Rich Tucker

Posted May 26, 2013

Since 2002, the federal government has required CEOs and CFOs to sign forms taking responsibility for the company’s financial reports. No matter how large of an empire they oversee, they could well be charged with a crime if an accountant fails to carry the two somewhere along the line.

Posted May 12, 2013

Imagine your car is low on gas. On one side of the street is a station selling fuel for $3.85. Directly across the road is one selling for $3.35. Where are you going to buy gas?

Posted May 05, 2013

Almost everything seems to be getting more specialized these days. Television programs were once “broadcast,” sent out over the air and intended for a vast audience.

Posted April 22, 2013

Every religion needs a creed. A set of beliefs that its followers can adhere to. A flag they can rally around in good times and bad.

Posted April 14, 2013

In the early 1990s, toy maker Mattel got into hot water for manufacturing a talking Barbie doll that warned children: “Math class is tough.” Yet 20 years later, if we could pull their string, most politicians would probably say just that.

Posted March 31, 2013

In the U.S. we like to think we’re all about enabling people. We ban discrimination based on creed or color. We insist that facilities be accessible to the disabled. We brag about an America where anyone can climb the ladder of success.

Posted March 23, 2013

Politicians and basketball coaches know that you never answer the question a reporter asks you; you answer the question you want to answer.

Posted March 10, 2013

Forgettable leaders deserve their anonymity. True leaders, on the other hand, can stand the test of time. Consider Hillary Clinton.

Posted March 03, 2013

It would be difficult to expand the food stamp program (officially the Supplemental Nutrition Assistance Program, or SNAP) much further.

Posted February 23, 2013

Scenes from a crisis: “Results of today indicate immediate danger of general national bank panic,” a U.S. senator warned the president. “Government funds should not be drawn upon but should be increased.”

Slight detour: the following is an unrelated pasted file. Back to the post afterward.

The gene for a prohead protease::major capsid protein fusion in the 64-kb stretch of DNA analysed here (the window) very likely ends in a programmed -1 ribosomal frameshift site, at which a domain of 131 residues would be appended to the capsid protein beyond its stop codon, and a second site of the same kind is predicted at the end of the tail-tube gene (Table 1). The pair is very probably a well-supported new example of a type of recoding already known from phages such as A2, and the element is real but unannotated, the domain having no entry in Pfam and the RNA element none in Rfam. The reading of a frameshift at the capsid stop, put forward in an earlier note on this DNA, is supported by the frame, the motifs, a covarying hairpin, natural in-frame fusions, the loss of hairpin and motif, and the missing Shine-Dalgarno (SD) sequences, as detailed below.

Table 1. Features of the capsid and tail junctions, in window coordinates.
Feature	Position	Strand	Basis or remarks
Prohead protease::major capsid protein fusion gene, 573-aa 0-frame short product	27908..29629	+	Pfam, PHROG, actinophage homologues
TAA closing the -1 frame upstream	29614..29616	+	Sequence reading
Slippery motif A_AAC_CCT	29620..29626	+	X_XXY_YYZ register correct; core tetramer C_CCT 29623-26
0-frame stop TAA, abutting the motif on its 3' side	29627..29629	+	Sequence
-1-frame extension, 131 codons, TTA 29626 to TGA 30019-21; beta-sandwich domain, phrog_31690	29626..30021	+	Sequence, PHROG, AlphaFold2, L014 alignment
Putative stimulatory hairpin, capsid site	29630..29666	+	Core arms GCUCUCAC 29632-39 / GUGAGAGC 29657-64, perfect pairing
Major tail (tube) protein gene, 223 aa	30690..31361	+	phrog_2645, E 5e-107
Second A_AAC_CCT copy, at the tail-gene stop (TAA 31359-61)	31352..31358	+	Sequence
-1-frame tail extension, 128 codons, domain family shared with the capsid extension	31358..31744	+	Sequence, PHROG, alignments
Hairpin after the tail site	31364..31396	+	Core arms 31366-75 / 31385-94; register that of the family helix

Posted February 16, 2013

Government has replaced science with, well, fiction. Consider the push for renewable fuels.

Posted February 01, 2013

Some people say they do their best thinking while in the bathroom. But The Economist recently took that notion one step further, photo shopping Rodin’s The Thinker on top of a toilet and asking, “Will we ever invent anything this useful again?”

Posted January 23, 2013

In Washington, the best way to get good press is to announce you’re leaving. Case in point: Sen. John D. Rockefeller IV (call him Jay), D-W.Va., is stepping down when his term ends. And The Washington Post makes haste to bring him laud.

Posted January 15, 2013

Over the years, The Simpsons have proposed many great ideas. Aqua-cars. Info-tainment. The Duff Bowl. But the TV show that was ahead of its time really jumped the gun with one particular idea.

Posted January 06, 2013

It’s easy to pity Kremlinologists. These are people who spent years, even decades, studying the Soviet Union. Their job was to explain why that country did the things it did, even though those actions so often seemed counterproductive. Suddenly, though, the USSR dissolved and the Kremlinologists were out of work.

Posted December 16, 2012

Calvin Coolidge once announced that “the business of America is business.” That’s not as true today, when American businesses are often portrayed as the bad guys, causing problems that require big government solutions.

Posted November 21, 2012

Americans have been giving thanks since long before we were known as Americans. Early colonists celebrated their harvest as early as 1621, with a three-day-long festival involving both natives and newcomers. President George Washington named Nov. 26, 1789 as a day of thanksgiving devoted to: “the service of that great and glorious Being who is the beneficent Author of all the good that was, that is, or that will be.” And President Abraham Lincoln created the modern Thanksgiving Day tradition when he announced, in 1863, that the third Thursday of November would henceforth be celebrated as an official national holiday.

Posted November 03, 2012

Hurricane Sandy was an invader, one that splashed ashore with as much destructive power as any foreign (or perhaps interstellar) invader could hope to bring to bear against our coasts. Thus, in the opinion of economist Paul Krugman, the storm should help boost the American economy.

Posted October 21, 2012

Recent laws, including Obamacare and Dodd-Frank, are not laws in the traditional sense.

Posted October 12, 2012

Modern medical science keeps people alive longer. Liberals hope they can do the same thing in political science: keep their dying ideas alive for just another election or two.